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See also: Blueberry History
Vacinnium is the family of all blueberries and includes more than 450 plants. This plant grows wild around the world and there are many names given to different blueberries. For practical and commercial purposes we concentrate on three different varieties:
V. corymbosum. (Northern Highbush) Grow in the forests wild in North America and were used to cultivate the modern highbush or cultivated blueberry industry along with the V. Ashei.
V. ashei. (Southern Rabbiteye). You may be suprised to learn that blueberries thrive in the Southern USA. A variety called the Rabbiteye is named this because the calyx on the berry resembles the eye of the rabbit!
V. angustifolium. (Lowbush or also called "Wild blueberries." These dwarf bushes are very cold hardy, surviving in the wild as far north as Arctic North America. These Blueberries only reach a height of 1 or 2 feet. and include the low sweet Blueberry (V. angustifolium), which is found from the Arctic to Minnesota and the mountains of New York and New Hampshire, and the sour-tasting velvet-leaf Blueberry (V. myrtilloides), which is found wild throughout New England and west.
Many different names have been given to the numerous varieties of Vacinnium that produce edible fruits, such as Blueberry, Bilberry, Cowberry, Cranberry, Crowberry; Farkleberry, Lingonberry, Partridgeberry, Huckleberry (not the true Huckleberry, which is Gaylussacia), Whortleberry, and Sparkleberry to mention a few.
Delicious fresh blueberries are a summertime treat and tradition in North America. You may now notice fresh blueberries on the shelves year round as well thanks to production in the Southern Hemisphere. About 50 percent of all blueberries produced are dedicated to the fresh market. The harvest starts in Florida in the Early Spring and Ends in British Columbia Canada in October and sometimes later. Blueberry are grown in rows that are cultivated year round to produce sweet and plump berries. When the berry is a deep blue color, the blueberries are carefully hand picked and rushed to nearby packing houses. They are chilled, and rushed to markets in nearby cities and off to air fright around the world. In fact, did you know that the North American Industry ships more than 100 metric tons of fresh blueberries each year to Iceland, and more than 500 metric tons to Japan. The blueberries are packed in plastic trays of different sizes and are normally in your market within hours of harvest! In the winter -- you will find fresh blueberries from South America and Australia and New Zealand which are air freighted across the globe to your local market.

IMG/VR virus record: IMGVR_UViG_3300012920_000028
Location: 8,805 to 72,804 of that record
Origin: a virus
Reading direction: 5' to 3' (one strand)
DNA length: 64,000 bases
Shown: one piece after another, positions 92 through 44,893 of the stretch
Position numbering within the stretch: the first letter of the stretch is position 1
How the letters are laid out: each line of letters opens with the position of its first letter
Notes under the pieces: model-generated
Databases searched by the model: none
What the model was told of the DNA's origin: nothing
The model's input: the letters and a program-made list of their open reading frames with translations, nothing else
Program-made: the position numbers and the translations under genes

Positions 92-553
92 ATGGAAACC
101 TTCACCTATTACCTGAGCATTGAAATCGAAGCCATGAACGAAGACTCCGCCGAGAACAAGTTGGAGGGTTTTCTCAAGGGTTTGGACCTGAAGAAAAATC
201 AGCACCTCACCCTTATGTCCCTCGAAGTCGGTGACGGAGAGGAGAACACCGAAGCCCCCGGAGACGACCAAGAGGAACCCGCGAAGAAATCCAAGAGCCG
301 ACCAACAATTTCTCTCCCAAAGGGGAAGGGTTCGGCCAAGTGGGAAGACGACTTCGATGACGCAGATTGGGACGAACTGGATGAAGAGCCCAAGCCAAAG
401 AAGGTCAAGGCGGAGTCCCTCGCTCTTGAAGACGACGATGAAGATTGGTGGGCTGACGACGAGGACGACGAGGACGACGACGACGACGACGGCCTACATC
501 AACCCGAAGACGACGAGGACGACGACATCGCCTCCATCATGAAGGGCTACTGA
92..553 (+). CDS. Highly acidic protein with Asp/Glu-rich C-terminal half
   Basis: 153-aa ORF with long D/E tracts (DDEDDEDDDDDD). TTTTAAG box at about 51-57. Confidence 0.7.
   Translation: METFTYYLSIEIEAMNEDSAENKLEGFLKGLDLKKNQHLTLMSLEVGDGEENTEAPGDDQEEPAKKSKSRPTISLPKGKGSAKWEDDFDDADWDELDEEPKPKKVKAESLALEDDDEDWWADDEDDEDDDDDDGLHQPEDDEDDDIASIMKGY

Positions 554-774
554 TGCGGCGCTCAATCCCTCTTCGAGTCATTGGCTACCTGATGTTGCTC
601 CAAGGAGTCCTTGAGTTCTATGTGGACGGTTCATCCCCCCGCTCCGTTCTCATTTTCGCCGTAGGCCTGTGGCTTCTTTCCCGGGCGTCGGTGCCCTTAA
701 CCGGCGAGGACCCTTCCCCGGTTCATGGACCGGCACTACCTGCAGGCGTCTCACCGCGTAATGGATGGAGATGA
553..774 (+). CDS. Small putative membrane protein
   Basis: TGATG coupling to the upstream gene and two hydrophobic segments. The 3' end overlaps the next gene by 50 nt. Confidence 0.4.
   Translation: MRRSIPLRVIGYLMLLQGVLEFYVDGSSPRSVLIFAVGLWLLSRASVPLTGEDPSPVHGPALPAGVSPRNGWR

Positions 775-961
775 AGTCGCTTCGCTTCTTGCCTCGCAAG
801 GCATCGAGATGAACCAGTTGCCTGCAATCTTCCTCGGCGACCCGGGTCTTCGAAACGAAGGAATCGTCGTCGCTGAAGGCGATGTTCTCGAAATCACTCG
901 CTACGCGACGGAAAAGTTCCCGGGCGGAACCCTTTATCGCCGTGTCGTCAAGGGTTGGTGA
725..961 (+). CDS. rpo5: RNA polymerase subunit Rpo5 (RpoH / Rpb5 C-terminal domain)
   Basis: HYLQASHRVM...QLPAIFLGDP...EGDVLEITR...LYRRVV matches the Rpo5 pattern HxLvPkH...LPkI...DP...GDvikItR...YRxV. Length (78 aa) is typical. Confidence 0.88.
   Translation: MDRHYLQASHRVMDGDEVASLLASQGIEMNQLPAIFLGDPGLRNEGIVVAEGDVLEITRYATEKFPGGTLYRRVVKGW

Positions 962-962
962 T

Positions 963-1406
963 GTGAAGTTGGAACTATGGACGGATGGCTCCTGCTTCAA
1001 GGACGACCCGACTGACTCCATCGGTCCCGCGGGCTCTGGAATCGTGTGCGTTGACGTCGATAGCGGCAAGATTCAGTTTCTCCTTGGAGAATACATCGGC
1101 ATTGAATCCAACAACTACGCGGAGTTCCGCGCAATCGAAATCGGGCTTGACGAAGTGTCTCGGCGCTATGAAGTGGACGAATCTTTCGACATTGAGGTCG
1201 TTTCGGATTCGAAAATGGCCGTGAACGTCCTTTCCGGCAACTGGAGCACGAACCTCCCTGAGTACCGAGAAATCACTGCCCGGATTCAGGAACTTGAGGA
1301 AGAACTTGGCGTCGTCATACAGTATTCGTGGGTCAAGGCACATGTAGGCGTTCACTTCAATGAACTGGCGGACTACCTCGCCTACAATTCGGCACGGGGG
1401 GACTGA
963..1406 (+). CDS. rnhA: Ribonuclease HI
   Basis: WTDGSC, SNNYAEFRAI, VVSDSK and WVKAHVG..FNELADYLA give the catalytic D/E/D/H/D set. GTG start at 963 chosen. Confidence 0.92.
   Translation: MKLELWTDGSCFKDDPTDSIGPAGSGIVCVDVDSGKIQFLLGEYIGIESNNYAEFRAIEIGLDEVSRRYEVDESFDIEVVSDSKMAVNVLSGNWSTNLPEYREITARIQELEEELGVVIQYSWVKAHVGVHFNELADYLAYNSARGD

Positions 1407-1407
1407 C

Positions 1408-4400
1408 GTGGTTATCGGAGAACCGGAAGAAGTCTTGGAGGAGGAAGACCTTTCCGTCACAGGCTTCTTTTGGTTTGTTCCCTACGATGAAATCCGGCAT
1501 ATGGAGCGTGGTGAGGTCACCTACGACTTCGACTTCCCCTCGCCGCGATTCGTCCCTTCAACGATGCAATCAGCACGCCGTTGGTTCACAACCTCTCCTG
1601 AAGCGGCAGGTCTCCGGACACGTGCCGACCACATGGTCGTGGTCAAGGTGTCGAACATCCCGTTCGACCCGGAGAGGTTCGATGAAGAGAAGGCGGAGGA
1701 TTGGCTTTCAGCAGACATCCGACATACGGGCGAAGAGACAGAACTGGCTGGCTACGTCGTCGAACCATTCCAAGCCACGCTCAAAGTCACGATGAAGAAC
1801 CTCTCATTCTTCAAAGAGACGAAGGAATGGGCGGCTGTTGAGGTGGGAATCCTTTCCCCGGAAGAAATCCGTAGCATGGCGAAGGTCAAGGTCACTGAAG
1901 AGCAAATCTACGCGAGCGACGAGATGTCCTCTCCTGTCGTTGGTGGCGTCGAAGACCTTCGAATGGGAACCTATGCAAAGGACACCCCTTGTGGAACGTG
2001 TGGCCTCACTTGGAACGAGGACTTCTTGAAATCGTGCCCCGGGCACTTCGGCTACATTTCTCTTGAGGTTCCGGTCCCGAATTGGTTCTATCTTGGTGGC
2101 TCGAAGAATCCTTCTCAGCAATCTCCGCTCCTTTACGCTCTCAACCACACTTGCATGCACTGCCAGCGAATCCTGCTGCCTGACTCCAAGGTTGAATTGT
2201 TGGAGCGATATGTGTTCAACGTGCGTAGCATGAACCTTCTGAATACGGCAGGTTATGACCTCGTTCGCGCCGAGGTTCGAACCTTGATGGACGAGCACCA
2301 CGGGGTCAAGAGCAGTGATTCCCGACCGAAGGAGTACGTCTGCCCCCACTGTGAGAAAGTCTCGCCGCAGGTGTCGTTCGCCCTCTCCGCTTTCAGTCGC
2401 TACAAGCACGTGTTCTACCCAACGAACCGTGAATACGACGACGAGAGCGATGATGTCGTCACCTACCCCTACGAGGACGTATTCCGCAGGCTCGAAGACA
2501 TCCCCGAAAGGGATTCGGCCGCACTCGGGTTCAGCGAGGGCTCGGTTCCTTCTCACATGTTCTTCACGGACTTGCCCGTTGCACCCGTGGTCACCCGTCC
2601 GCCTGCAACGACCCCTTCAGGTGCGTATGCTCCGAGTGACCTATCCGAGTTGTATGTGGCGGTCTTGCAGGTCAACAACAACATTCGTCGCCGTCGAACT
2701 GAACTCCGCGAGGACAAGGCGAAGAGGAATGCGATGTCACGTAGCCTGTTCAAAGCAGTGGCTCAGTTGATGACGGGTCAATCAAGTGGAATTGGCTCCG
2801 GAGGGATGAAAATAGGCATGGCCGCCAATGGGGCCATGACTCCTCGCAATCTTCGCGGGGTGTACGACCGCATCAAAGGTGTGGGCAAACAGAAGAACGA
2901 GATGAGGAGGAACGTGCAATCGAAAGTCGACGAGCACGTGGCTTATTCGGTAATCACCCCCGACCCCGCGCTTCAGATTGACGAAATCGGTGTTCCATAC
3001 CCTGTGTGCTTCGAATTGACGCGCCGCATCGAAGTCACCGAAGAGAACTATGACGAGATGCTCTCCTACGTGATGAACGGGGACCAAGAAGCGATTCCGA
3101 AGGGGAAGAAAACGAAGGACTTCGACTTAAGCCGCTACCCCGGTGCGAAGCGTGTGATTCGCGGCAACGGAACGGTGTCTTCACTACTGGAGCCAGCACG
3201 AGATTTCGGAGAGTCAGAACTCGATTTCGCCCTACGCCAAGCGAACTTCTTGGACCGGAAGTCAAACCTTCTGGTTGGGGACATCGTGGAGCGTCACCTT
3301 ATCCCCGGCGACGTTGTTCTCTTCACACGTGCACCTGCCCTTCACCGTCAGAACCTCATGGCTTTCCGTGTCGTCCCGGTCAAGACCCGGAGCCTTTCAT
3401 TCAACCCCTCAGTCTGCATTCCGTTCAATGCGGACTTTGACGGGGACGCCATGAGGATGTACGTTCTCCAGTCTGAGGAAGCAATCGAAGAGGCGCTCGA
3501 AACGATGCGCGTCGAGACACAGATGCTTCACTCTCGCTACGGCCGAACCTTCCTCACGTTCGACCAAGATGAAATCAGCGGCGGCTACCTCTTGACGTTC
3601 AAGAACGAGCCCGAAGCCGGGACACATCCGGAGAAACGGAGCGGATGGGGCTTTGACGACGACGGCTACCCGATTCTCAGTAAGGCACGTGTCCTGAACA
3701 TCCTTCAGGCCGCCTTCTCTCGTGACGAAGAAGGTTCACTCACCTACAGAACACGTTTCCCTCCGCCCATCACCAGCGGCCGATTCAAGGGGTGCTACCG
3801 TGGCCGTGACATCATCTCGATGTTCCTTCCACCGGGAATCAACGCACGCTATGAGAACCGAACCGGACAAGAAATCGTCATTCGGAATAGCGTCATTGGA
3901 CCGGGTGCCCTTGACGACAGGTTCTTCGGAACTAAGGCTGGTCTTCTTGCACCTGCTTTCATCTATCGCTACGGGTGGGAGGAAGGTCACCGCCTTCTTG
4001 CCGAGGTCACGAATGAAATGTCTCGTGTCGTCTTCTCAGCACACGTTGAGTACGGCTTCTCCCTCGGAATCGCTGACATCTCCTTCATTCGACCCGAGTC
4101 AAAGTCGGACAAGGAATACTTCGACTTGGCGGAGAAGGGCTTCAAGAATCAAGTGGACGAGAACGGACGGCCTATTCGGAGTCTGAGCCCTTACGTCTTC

Blueberries are processed in a number of different forms for availability year round and as ingredients for the food processing industry. Blueberry fields are grown in long straight rows and the plants are trained into shapes that fit harvesting. Although some processed blueberries are hand picked, a majority are mechanically harvested with specially designed blueberry harvesters. There are several varieties, but for the most part the concept is simple: A machine is driven or towed through the field and mechanical rods shake the plants to drop the blueberries into buckets or conveyors. The machines must go through the field art different times as blueberries do not ripen at the same time. Bins of harvested blueberries are rushed to nearby processing plants where they are dedicated to different market channels.
Blueberries are packed in water or syrup or are prepared into shelf stable pie fillings and sauces.
Ripe blueberries are immediately frozen in a number of methods.
• Individually Quick Frozen Blueberries (IQF), are flash frozen at extremely low temperatures. This gives the blueberry an individual fruit identity. This product is packed into cello bags for the retail market or else packed in poly lined cardboard containers for the food industry. (ie baking confectionery, ice creams.)
• Block Frozen Blueberries (BQF). Blueberries are placed in containers and then are frozen. This product is used for food processing where fruit identity is not required.
Fresh or frozen blueberries are dehydrated in a number of methods to produce a dried fruit for the retail snack and also food processing industry.
• Dried Blueberries. Fresh or frozen blueberries re dehydrated with hot air to reduce the moisture level to around 18%. Most dried blueberries are first infused with a sugar solution to give it more weight and pliability.
• Osmoticaly Dried Blueberries. Blueberries are infused with a syrup to push out moisture in what is called an osmotic dehydration process. The product is shelf stable and moist.
• Freeze Dried. Blueberries are quick frozen and dehydrated to get moisture down to around 2-4%. The freeze dried blueberry maintains its shape and color and is ideal for cereals and snack foods.
• Drum Dried. Blueberries and blueberry juice is dried and tumbled in hot air to produce a blueberry powder.
• Specialty Products - Blueberries are showing up in more and more specialty food products because they add value and are in consumer demand!
Blueberries are processed into a number of liquid forms for use in beverages and dairy products. This includes single strength blueberry juice, blueberry purees and concentrates of different brix levels.
Courtesy of the US Highbush Blueberry Council www.blueberry.org
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